BRENDA NOVAK, a New York Times and USA Today bestselling author, has penned more than 45 novels. A two-time Rita nominee, she's won The National Reader's Choice, The Bookseller's Best, The Bookbuyer's Best and many other awards. She runs an annual online auction for diabetes research every May at brendanovak.com. To date, she’s raised over $2 million.
Ten Things Every Novel Needs
The beautiful thing about any creative endeavor is that there is no one “right” way to accomplish it. Everyone’s imagination works differently, and that’s what provides such great variety in art and literature. Just when someone thinks there’s an easy formula or “recipe” that must be followed if a book is to be “good” or “successful,” some author will invariably break one or more of the “rules” and wind up with a blockbuster. That said, there are certain elements that help to make one story better than another. These are the ten I believe to be most important.
- A great hook. These can be really fun to come up with. I got the idea for THE SECRET SISTER, which was nominated for the prestigious Rita Award, from an episode of Dateline. I was mesmerized as I watched a brother and sister, now adults, talk about the vague memories they had of another child. They were certain that child had been a sibling, but their mother claimed otherwise. They decided to dig deeper, and I was hooked! I wanted to know where that child was and what had happened to her—and why the mother had lied. Then I wanted to write a story that explored the same premise (although my book develops and ends in a completely different way than the incident that inspired it).
- Layered characters. What’s interesting about characters is that they can’t be “too” real, or they will seem fake. I know that’s a paradox, but real people are too inconsistent to make believable characters. On the other hand, flat, two-dimensional characters are unengaging. So finding that middle ground can make all the difference, and that often involves creating characters who are flawed—because that’s what makes them sympathetic.
- Tension. In almost any kind of book it’s tension, created from conflict, that propels a story forward. Without something to conquer, something to overcome, there is no journey, no reason to read on.
- Solid Research. In a way, an author has to be a “jack of all trades.” Although she may have only limited experience with certain things (like the adoption process and what it takes to unravel a closed adoption such as what I wrote about in FINDING OUR FOREVER), it becomes encumbant on her to do enough research to be able to write with authority, which is what makes the book convincing. A single error can throw the reader right out of the story with the thought, “That could never happen!”
- Pacing that fits the style and genre of the book. While a romantic suspense novel might need to move fast, a contemporary romance seems to have a relatively moderate pace and a straight historical novel or a literary novel might be able to withstand even more introspection. Either way, the pacing must be appropriate to the story.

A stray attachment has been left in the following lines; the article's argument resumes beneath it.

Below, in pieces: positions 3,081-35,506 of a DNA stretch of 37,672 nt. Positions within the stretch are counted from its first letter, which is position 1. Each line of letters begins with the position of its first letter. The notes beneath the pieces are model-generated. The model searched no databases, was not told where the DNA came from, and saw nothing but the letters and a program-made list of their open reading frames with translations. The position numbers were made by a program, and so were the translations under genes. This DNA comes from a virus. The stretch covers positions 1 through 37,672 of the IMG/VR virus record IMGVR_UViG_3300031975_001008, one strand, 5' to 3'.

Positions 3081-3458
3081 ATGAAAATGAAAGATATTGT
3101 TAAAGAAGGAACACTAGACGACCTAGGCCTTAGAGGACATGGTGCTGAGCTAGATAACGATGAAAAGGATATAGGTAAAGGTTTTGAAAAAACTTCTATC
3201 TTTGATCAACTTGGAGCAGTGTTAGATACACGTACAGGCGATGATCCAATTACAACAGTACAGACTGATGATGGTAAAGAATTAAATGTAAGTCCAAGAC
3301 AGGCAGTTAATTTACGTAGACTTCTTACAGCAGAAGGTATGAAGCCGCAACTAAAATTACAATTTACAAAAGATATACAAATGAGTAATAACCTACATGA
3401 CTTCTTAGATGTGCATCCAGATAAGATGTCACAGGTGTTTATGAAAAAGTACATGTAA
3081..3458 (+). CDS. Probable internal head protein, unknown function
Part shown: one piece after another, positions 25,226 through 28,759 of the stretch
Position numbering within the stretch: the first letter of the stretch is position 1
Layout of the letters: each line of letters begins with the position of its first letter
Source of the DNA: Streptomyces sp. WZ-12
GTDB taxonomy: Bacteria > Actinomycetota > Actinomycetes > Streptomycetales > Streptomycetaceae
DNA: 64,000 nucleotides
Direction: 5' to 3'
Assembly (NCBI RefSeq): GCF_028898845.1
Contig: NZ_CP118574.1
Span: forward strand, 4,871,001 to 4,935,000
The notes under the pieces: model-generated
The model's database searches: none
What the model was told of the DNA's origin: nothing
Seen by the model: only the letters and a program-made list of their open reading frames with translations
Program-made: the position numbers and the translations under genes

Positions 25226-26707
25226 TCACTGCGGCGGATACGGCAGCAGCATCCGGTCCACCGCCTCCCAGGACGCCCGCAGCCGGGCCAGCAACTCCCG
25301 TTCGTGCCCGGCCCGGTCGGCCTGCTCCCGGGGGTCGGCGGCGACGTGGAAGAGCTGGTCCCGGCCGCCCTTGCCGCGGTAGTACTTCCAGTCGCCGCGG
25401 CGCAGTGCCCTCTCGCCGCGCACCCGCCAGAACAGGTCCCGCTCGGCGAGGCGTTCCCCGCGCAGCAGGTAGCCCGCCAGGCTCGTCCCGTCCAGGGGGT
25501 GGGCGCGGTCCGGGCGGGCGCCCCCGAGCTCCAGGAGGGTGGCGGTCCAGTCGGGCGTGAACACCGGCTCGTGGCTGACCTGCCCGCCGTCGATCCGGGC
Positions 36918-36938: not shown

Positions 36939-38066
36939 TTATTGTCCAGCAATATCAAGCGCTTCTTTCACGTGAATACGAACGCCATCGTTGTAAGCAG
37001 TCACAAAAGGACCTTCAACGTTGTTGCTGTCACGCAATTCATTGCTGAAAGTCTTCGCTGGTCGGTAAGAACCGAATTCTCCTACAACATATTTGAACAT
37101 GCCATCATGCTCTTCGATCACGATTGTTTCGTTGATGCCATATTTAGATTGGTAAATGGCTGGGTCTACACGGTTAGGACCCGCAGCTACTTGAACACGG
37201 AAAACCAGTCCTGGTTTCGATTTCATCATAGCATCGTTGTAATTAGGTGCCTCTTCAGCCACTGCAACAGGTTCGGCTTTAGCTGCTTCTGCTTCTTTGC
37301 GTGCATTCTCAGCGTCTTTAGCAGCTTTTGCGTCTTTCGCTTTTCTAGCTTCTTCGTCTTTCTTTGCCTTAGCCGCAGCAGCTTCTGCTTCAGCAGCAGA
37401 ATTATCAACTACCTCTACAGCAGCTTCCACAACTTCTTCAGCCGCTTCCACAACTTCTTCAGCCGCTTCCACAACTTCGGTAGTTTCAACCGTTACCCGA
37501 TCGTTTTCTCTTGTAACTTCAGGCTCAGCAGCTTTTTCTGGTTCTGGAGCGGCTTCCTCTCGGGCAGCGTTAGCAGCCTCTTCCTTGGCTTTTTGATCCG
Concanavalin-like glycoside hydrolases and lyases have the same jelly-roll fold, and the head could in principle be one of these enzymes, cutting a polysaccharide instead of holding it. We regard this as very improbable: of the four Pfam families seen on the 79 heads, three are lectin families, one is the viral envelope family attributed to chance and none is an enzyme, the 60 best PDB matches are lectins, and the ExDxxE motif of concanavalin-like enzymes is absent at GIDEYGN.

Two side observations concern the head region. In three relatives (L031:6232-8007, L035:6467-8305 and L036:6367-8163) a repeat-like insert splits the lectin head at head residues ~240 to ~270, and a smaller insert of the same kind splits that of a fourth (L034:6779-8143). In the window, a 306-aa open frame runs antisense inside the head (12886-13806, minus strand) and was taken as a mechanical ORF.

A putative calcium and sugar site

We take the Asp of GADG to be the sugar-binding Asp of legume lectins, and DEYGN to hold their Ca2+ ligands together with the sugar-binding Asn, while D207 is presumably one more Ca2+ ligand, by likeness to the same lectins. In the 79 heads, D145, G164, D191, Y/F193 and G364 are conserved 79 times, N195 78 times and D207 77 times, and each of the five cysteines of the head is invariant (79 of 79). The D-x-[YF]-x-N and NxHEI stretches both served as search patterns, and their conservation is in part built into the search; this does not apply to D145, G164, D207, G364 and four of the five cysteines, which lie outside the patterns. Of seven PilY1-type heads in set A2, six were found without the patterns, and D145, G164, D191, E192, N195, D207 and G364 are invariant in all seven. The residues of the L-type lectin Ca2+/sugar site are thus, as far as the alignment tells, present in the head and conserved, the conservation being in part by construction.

- Chapter/scene hooks. An author who builds her chapters and scenes such that she ends on an an up beat, instead of a sense of denouement, propels her reader into the next chapter—and the next and the next and so on.
- Active writing. Avoiding passive verbs like had, has, was, seemed and looked, and using stronger verbs in their place, will help bring the story alive. We’ve all heard, “Show, don’t tell.” This is part of the same thing. You want your readers to actively experience the story, to live the story, and that won’t happen if you’re standing back, telling them what’s happening from a distance. You need to bring them close in order to ignite their imagination and emotions. Then they will be right there with you, participating in every event.
- Tone. Hold to a sense of mystery as your tale unfolds. I never thought much about tone until I read a book that was light and funny at first (just like what was promised on the cover and blurb), but suddenly turned dark and angry. The change so unexpected and so sudden it nearly gave me whiplash, and it made me slightly angry. I felt like the author had broken her contract with me, the reader, which made me realize that holding fast to the correct tone as a writer is important.
- Unanswered questions. Why is the heroine doing this or that? Will she escape? What will the hero do when he finds out? Are they going to make it? What’s going to happen next? Knowing how much information to convey—and when—is key. Posing such questions will build a sense of urgency that should escalate through the novel to the black moment, making the “big finish” that much more exciting and satisfying.
- Subtext. Sub-text makes everything richer, more intriguing. According to fellow author Alicia Rasley, “A layered conversation is always more interesting than a simple one. Make it obvious that your characters are really saying more than what is on the page. That engages the reader’s thoughts and imagination as they try to puzzle out the subtleties.” I wholeheartedly agree with her!
Special Edition: March 21, 2017
$5.25 U.S.; 224 Pages
The search for her birth mother brought Cora Kelly to the New Horizons Boys Ranch. Getting a job there was easy enough, but confiding in Aiyana, the ranch's owner, that she's really her daughter? Cora's not sure she can do that, not unless she's confident the news will be welcomed. And once she gets to know Elijah Turner—Aiyana's adopted son and ranch manager—that decision becomes even more difficult.
Although Elijah can't deny his deep attraction to Cora, he's always struggled with trust. Anyone with his past would, and there's something about the ranch's newest employee that isn't exactly as it seems. But if the feelings she awakes in his guarded heart are any indication, she might be just what he's long been waiting for.
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